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EUROPE : Berlin Considers Future of Hitler's Field of Dreams

August 25, 1995|MARY WILLIAMS WALSH | TIMES STAFF WRITER

BERLIN — The stone tablet still stands at the entrance to Hitler's Olympic Stadium, bearing the names of U.S. track star Jesse Owens and the other gold medalists from the 1936 games. Seen from a distance, the place still looks much as it does in the old pictures: the long, imposing driveway, the grim colonnades, the spreading parade ground big enough for 250,000 troops to march in formation.

It is only in getting closer that one sees the dilapidation that has befallen Adolf Hitler's field of dreams. Saplings grow out of the top of the clock tower, and stalactites hang from the ceiling joists, where water has seeped through the mortar.

Above the bleachers, workers have had to pry about 100 limestone panels off the facade, for fear they might otherwise loosen during a sporting event and crash down onto spectators' heads. Nets have been strung under the sunroofs to catch any falling debris. Cement-work is propped up with steel I-beams, and the ceiling of the anteroom behind the "marathon gate"--where athletes prepare to make jubilant entrances onto the field--is held up with steel braces.

Berlin still uses this decrepit arena, most recently for a Rolling Stones concert. But officials are letting patrons in with mounting trepidation.

"Maybe it will collapse one day," worries Ulrich Stange, head of aboveground construction for the Berlin government.

An important part of Stange's job these days is to give the stadium a thorough going-over before each event with a draw of more than 50,000. The stadium was built to hold 92,000 for Hitler's propaganda extravaganza, but safety-conscious officials have since reduced capacity to 75,000.

Before the Rolling Stones concert earlier this month, Stange sent technicians to blast the structure with low-frequency vibrations, simulating the effect of fans rocking to the strains of music.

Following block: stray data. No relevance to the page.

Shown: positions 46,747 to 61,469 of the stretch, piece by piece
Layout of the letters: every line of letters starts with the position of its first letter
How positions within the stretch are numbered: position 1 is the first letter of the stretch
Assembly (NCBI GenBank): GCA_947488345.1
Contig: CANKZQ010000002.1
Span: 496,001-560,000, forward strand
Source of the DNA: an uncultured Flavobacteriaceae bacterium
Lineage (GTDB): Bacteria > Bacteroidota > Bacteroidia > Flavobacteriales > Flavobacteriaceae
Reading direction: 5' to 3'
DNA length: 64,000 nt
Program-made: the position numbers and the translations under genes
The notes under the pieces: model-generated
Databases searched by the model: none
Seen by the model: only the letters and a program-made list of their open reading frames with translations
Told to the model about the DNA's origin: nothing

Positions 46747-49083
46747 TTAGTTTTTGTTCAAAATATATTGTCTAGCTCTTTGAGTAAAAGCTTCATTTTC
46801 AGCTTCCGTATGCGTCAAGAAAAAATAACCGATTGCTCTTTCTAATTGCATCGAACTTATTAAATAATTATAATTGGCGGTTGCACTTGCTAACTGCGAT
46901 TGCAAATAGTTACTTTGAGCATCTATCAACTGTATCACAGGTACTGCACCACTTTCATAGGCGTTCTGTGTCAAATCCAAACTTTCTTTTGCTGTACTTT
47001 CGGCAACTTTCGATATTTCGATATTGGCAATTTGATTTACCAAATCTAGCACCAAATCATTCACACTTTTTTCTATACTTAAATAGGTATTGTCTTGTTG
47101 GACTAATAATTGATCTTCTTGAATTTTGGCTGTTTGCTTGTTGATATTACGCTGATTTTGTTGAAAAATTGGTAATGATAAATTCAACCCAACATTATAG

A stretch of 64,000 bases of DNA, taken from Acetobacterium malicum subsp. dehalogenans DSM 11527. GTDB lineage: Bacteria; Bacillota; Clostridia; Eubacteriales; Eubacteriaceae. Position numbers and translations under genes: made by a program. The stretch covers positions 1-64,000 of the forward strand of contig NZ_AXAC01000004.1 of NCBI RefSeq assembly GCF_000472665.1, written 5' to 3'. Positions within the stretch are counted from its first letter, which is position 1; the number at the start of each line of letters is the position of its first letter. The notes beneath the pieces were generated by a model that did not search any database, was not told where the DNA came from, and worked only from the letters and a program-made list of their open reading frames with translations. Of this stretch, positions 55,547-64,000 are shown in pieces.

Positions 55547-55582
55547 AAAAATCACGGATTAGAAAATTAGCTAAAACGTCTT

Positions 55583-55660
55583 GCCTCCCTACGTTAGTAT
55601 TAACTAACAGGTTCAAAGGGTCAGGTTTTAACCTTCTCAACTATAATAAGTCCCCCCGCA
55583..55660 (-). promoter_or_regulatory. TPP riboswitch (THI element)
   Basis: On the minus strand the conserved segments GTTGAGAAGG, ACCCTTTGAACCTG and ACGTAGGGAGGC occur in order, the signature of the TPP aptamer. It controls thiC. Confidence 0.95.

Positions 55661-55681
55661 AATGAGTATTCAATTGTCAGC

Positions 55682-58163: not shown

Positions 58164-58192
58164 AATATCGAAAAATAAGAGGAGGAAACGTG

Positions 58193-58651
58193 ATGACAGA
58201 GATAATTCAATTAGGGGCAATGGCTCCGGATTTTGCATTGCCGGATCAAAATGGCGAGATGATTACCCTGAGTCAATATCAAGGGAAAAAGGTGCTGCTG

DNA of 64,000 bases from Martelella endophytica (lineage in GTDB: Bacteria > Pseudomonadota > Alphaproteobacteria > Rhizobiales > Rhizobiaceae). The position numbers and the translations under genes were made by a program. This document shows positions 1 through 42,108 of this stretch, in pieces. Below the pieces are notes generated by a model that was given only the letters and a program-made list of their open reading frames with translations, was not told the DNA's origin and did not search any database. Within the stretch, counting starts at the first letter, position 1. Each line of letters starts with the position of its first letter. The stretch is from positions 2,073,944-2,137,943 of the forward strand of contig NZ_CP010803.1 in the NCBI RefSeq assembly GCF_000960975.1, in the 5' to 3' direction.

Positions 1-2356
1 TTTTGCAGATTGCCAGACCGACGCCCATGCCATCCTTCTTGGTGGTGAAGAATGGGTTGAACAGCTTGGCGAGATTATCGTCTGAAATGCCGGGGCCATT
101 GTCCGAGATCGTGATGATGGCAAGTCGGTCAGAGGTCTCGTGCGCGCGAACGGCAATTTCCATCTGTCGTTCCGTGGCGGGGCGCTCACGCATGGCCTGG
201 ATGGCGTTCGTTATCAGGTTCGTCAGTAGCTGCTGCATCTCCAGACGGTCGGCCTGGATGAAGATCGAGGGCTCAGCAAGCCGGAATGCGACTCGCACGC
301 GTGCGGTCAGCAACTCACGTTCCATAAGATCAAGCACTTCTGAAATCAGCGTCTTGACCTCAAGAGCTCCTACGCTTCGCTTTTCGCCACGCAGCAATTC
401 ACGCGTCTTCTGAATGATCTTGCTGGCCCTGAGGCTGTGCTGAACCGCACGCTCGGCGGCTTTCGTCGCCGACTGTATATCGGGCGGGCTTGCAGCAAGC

"If the vibrations of the music and the people dancing happened to match the natural frequency of the building, then these plates could fall down," says Stange, pointing at the remaining limestone panels, held onto the facade with rusty steel wires.

Part of the stadium's problems stem from Berlin's damp, chilly winter weather. Rain has seeped into cracks in the cement, freezing and expanding, further cracking the material and allowing even more water to come in.

But also damaging the stadium, say Berlin officials, has been the neglect of the Bonn government, which owned the stadium until 1994, when negotiations began to transfer it to Berlin.

"As the owner, the federal government had the responsibility for maintaining it in a proper way," says Frank Bielka, state secretary for housing and construction in the Berlin government. Bonn "shirked its responsibilities in a criminal manner," he says, adding that bringing the stadium up to modern standards is likely to cost at least $225 million.

In Bonn, Robert Erfen of the Finance Ministry says the federal government did maintain the stadium, to the tune of $30 million in the past 20 years.

Even as arguments fly over who will pay for the repairs, Stange is analyzing the best way to carry them out: whether it would be best to close the stadium during the overhaul, leave it open or just reduce usage.

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In the interest of thoroughness, Stange is also studying the option of tearing Hitler's stadium down and building a new one. He and Bielka both think that this would be the cheapest solution. But the stadium is covered by historic-preservation laws, and cannot be demolished or altered.

It matters not that the stadium is one of those eerie, harshly symmetrical Third Reich buildings that look as fearsome as the ideology they were built to express. "The Eiffel Tower doesn't look very pretty either, but would you tear it down?" asks Bielka. "Both buildings are symbols. You have to keep them because of their historical dimension."

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